The QT

Friday 19 July 2024
19/07/2024

Review: A Song for Ella Grey

An ambitious stage adaptation of David Almond’s story, A Song for Ella Grey has opened at Northern Stage in Newcastle. David Whetstone reports back
Grace Long as Ella Grey and Olivia Onyehara as Claire in A Song for Ella Grey. Credit: Topher McGrillis

And so it begins… a story which transports a group of school friends from the stressful grind of A level revision into a whirl of mystery and mythology.

It’s the second adaptation of David Almond’s novel A Song for Ella Grey to open at Northern Stage and easily the most ambitious.

The first, with a script by David himself, had just one young actor on the smaller stage with the rest visible only in filmed sequences.

This, from York-based Pilot Theatre (in association with Northern Stage and York Theatre Royal) is on the biggest stage and has a cast of five plus musician Zak Younger Banks whose contribution is integral to the piece.

The company of A Song for Ella Grey. Credit: Topher McGrillis

Technology is key with a flexible set animated by projections which conjure up forests and flocks of birds and bats.

An immersive soundscape fills the auditorium with the cries of seabirds, the lapping of waves and the occasional gurgle likely to alarm anyone in the audience recently hit by floods.

Director Esther Richardson has deployed her forces with aplomb, ensuring an impressive spectacle.

Meanwhile there’s a story to be told and to playwright Zoe Cooper fell the challenge of adapting David Almond’s golden prose with its masterly blending of magic and the mundane.

This is what a lot of Almond fans have grown up with, ever since it first blossomed spectacularly in Skellig, his breakthrough novel of 1998 which is studied in schools and is a favourite of many.

Without wishing to demean the theatre production, I’d say it helps to have read the novel or at least to have brushed up on the age-old source material.

In the myth, the musician Orpheus must venture into the underworld in a bid to retrieve his lost love, Eurydice, who has fallen victim to a snake bite.

Here, as in the novel, our narrator is Claire, played by Olivia Onyehara, who sets matters in motion, reflecting briefly on her bond with Ella (Grace Long) before we flash back to five friends – the others being Sam (Amonik Melaco), Angeline (Beth Crame) and Jay (Jonathan Iceton) – chilling down the Ouseburn while contemplating the exams that will determine their fates.

Between them they hatch a plan, a crazy hedonistic escape to Bamburgh beach as a last fling before academic slog.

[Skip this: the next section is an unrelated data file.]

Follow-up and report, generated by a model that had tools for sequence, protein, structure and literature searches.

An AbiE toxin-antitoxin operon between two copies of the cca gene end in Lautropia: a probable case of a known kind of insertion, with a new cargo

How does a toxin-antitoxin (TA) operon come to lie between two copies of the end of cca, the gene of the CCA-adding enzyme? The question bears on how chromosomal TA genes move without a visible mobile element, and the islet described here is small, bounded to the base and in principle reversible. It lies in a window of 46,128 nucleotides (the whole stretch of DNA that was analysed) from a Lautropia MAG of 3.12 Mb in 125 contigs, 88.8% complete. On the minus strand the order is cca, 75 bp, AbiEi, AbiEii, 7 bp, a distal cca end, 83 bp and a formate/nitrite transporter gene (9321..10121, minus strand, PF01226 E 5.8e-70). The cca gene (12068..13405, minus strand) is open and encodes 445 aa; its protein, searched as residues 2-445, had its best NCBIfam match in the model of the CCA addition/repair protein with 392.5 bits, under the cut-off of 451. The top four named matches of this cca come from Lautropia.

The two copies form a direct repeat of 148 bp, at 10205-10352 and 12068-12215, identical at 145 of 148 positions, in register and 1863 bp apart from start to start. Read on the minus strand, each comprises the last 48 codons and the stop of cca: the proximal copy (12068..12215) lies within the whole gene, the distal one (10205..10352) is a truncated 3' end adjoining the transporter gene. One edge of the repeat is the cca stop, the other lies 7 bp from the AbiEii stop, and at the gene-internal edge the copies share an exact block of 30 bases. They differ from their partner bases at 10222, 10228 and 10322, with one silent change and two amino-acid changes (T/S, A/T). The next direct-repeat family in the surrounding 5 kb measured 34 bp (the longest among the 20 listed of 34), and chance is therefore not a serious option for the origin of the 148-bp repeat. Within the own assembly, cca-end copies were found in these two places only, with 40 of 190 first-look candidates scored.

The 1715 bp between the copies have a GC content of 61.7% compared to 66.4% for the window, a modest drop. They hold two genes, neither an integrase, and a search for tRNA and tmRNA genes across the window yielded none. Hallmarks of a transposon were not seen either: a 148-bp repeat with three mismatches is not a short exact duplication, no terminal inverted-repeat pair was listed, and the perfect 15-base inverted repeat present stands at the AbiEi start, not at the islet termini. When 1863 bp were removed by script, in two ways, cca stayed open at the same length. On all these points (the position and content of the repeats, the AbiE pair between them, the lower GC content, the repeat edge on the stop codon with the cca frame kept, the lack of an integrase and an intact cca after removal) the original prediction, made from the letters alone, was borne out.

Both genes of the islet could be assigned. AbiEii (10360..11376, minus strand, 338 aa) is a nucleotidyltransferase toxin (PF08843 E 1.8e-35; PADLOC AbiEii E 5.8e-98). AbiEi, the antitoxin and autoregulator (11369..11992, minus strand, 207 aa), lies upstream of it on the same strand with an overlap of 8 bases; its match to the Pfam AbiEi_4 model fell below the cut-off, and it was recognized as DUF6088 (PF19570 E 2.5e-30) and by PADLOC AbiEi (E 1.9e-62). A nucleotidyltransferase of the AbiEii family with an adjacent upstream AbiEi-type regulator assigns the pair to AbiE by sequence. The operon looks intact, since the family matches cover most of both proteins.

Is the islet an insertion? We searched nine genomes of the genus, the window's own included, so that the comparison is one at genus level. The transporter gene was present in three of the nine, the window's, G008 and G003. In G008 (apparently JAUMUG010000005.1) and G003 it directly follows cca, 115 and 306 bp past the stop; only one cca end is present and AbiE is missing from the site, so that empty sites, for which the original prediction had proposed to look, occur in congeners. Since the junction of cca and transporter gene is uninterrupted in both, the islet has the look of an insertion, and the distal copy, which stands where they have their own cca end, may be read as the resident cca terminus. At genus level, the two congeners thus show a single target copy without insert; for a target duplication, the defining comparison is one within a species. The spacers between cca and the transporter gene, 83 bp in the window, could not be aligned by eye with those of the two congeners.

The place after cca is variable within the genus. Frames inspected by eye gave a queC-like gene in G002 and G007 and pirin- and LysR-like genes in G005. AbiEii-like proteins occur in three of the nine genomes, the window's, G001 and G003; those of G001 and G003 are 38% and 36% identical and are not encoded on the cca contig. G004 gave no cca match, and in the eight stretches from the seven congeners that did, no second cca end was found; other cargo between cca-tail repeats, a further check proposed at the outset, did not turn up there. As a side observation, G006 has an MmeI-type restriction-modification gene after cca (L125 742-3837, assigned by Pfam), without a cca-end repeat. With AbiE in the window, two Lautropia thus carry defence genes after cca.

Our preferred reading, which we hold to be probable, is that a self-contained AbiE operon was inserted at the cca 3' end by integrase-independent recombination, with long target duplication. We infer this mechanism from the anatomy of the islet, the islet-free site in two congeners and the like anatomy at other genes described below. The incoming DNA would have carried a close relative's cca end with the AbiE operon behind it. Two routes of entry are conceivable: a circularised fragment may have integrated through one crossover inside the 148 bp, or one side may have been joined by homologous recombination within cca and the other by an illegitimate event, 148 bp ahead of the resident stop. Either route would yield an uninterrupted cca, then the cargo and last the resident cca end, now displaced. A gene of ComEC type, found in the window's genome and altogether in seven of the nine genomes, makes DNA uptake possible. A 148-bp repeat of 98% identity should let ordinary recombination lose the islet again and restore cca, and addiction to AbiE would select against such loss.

There other factors come into play, which is to say Orpheus, a mysterious and musical force of nature who appears seemingly out of nowhere and beguiles the group.

Ella, kept home by her protective adoptive parents, isn’t there, but Claire – in a gesture that she will live to regret – shows her what’s happening via her phone.

Orpheus glimpses Ella, Ella glimpses Orpheus and that’s that.

There’s a story to be told and to playwright Zoe Cooper fell the challenge of adapting David Almond’s golden prose with its masterly blending of magic and the mundane.

The pair, the musician and his modern day Eurydice, are mutually smitten, their obsession with each other driving a wedge between Ella and Claire and what, for the latter at least, has matured into something beyond friendship.

The story twists and turns, goes back and forth, with the cast stoking the sense of other-worldliness with choreographed movement and singing to break up the 21st Century teenage banter.

What unfolds is a story of love and loss and ways of dealing with grief.

The young actors occasionally morph into their characters’ parents, Ella’s (understandably) angry mother and hapless father, and Claire’s carelessly nonchalant academic parents.

A Song for Ella Grey. Credit: Topher McGrillis

They are all very good, with my eye – as so often recently – drawn to the sparkling versatility of Beth Crame, an actress seemingly able to become anyone at the drop of a hat.

The climactic scenes are tense and prolonged, the tumble of words – this is not a sparsely-written text – rising to a crescendo as all the characters somehow take on the spirit of Orpheus to embark on their fateful journey into darkness (a dingy tunnel in the Ouseburn the imagined gate to the underworld).

A theatre production faithful to the novel, it’s a thought-provoking excursion away from the everyday powered by a story that has stood the test of time.

A Song for Ella Grey is at Northern Stage until February 15 and then tours to York Theatre Royal (February 20-24) and on to London, Hull and Liverpool. Book tickets and find tour details at the website or call the box office on 0191 230 5151.

@DavidJWhetstone

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